Opponents of expanding a natural gas pipeline through northwestern Massachusetts...
Finger Lakes winemakers and other business owners asked Gov. Andrew Cuomo on Wednesday to deny...
More than 2,000 union workers and others organized by the coal industry in Pennsylvania, Ohio and West Virginia joined top state elected officials Wednesday to rally against proposed stricter federal pollution regulations for coal-burning power plants.
Hundreds of people across the country lined up Tuesday to tell the Environmental Protection Agency that its new rules for power-plant pollution either go too far or not far enough.
The Mississippi Commission of Environmental Quality has fined Columbus steel mill Severstal $135,000 because the company's pollution control monitors didn't function properly after the plant expanded in June 2011.
Hundreds of people will tell the Environmental Protection Agency what they think of proposed rules to cut pollution from power plants during public hearings Tuesday and Wednesday in Denver.
The largest coal-fired power plant in the West will produce one-third less energy by 2020 and is on track to cease operations in 2044 under a proposal that the federal government adopted to cut haze-causing emissions of nitrogen oxide at places like the Grand Canyon.
Cleanup efforts continue at the still-smoking site of an oil field supply company in North Dakota. The EPA On-Scene Coordinator said it would not surprise him if it took two months to clean up the site in Williston, though workers are hoping it will be quicker.
As the Obama administration weans the U.S. off dirty fuels blamed for global warming, energy companies have been sending more of America's unwanted energy leftovers to other parts of the world where they could create even more pollution.
A Texas oil company is suing a Utah county over its new ordinances imposing restrictions on underground pipelines.
As the Obama administration weans the U.S. off polluting fuels blamed for global warming, energy companies have been sending more of America's unwanted energy leftovers to other parts of the world where they could create even more pollution.
With less than a year left in the countdown to GHS Hazard Communication Standard compliance, companies will soon be in the throes of converting from the MSDS format to the SDS format, if they aren't already. Chem.Info sat down with Paul Burgess, an expert on the Hazard Communication Standard, to talk about what chemical manufacturers need to consider now that the deadline is approaching.
By telling the story of what can happen to everyday plastics after we use them, this video was designed to help policymakers, regulators, waste management professionals and other thought leaders see the vast potential of used plastics -- to be reused in new products from recycling, or tapped as a source of domestic energy.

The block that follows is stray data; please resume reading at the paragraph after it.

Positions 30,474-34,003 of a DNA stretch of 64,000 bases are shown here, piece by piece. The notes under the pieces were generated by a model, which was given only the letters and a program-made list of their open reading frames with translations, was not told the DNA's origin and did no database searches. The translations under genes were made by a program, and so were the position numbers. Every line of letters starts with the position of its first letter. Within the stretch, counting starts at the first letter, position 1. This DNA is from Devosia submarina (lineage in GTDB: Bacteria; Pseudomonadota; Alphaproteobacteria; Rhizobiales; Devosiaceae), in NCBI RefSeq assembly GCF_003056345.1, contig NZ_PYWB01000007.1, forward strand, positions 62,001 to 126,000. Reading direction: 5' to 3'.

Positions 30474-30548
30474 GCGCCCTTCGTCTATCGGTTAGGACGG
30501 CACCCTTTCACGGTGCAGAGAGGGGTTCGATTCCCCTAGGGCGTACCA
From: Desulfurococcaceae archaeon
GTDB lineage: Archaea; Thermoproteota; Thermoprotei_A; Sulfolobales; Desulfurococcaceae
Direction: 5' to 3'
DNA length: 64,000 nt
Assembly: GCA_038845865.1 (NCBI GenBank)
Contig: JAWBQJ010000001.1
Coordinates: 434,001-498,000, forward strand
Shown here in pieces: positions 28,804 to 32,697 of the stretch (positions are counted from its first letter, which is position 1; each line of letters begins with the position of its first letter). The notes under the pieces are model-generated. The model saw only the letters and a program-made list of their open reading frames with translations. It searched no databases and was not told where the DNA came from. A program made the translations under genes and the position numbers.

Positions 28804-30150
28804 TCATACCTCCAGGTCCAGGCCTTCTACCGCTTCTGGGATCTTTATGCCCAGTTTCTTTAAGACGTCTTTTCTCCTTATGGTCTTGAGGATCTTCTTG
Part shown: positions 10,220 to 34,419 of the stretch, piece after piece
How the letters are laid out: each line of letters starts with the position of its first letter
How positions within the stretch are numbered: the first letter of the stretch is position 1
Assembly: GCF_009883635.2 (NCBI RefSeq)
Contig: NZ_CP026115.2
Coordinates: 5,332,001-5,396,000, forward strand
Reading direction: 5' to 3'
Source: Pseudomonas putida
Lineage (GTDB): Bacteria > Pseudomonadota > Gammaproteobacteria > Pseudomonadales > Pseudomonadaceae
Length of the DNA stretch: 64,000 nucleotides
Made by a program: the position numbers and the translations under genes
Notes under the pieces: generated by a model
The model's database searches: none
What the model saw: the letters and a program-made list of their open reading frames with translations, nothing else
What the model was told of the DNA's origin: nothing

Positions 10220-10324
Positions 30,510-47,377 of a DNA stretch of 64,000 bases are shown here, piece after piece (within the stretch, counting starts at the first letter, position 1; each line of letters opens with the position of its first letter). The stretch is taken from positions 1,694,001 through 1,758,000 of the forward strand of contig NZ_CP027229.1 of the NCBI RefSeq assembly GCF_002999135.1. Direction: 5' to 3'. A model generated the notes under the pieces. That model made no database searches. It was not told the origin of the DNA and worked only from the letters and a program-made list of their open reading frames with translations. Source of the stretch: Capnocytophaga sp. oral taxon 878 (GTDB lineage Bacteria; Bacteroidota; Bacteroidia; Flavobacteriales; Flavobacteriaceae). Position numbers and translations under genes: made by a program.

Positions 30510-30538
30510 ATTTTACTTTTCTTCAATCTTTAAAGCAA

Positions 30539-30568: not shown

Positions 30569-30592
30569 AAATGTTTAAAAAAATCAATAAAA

Nothing spilled when three tanker cars in an oil train from North Dakota derailed at a rail yard, but it alarmed environmentalists.
Air quality tests at the site of an industrial fire in Williston showed levels "that would not raise concern," according to North Dakota Department of Health Air Quality Division director Terry O'Clair.
Pennsylvania's state auditor general released a performance audit report saying the Department of Environmental Protection lacks a clear policy on the timeliness and frequency of inspections of the thousands of wells and does not routinely verify information the industry provides about waste disposal.
Critics of a natural gas pipeline expansion in western Vermont want construction halted while state regulators review a recent 40 percent increase in the project's cost estimate.
With a potential lawsuit targeting a decision to ban tar sands oil in South Portland, the governor's energy chief said that he hopes the state can eventually have a conversation about managing the flow of petroleum products rather than having it decided locally.
The site where an underground pipeline leaked 1 million gallons of saltwater into the North Dakota badlands earlier this month could take years to clean up, an official of Native American tribes involved in the cleanup said Monday.
The South Portland City Council has voted to ban the transfer of crude oil onto ocean tankers, effectively ending any attempt to bring oil from western Canada through a pipeline into the city.
A state agency's decision to revise a Detroit-area steel plant's air quality permit will allow the facility to continue emitting too much pollution, environmental organizations said Monday in a lawsuit.
Kentucky elected officials and representatives from the U.S. Department of Energy will visit a central Kentucky coal power plant to tout a project that will capture and store carbon dioxide emissions.
Three massive fires since the beginning of June have highlighted the threat lightning poses in the North Dakota oil patch, and in each case it was tanks that store the toxic saltwater associated with drilling — not the oil wells or drilling rigs — that were to blame.
The vote will take place on Monday night. The city's planning board voted 6-1 last week to recommend the council approve the proposal. Nearly 500 people attended the council's first vote on the subject.
A North Pole refinery owner has lost its latest challenge in a long-running attempt to get a petroleum company to pay for groundwater contamination that contributed to the refinery's closure.
A Canadian National Railway Co. train struck another freight train as it rolled through a small village in southeastern Wisconsin, causing cars to derail, injuring two people and spilling thousands of gallons of diesel oil that prompted the evacuation of dozens of homes.
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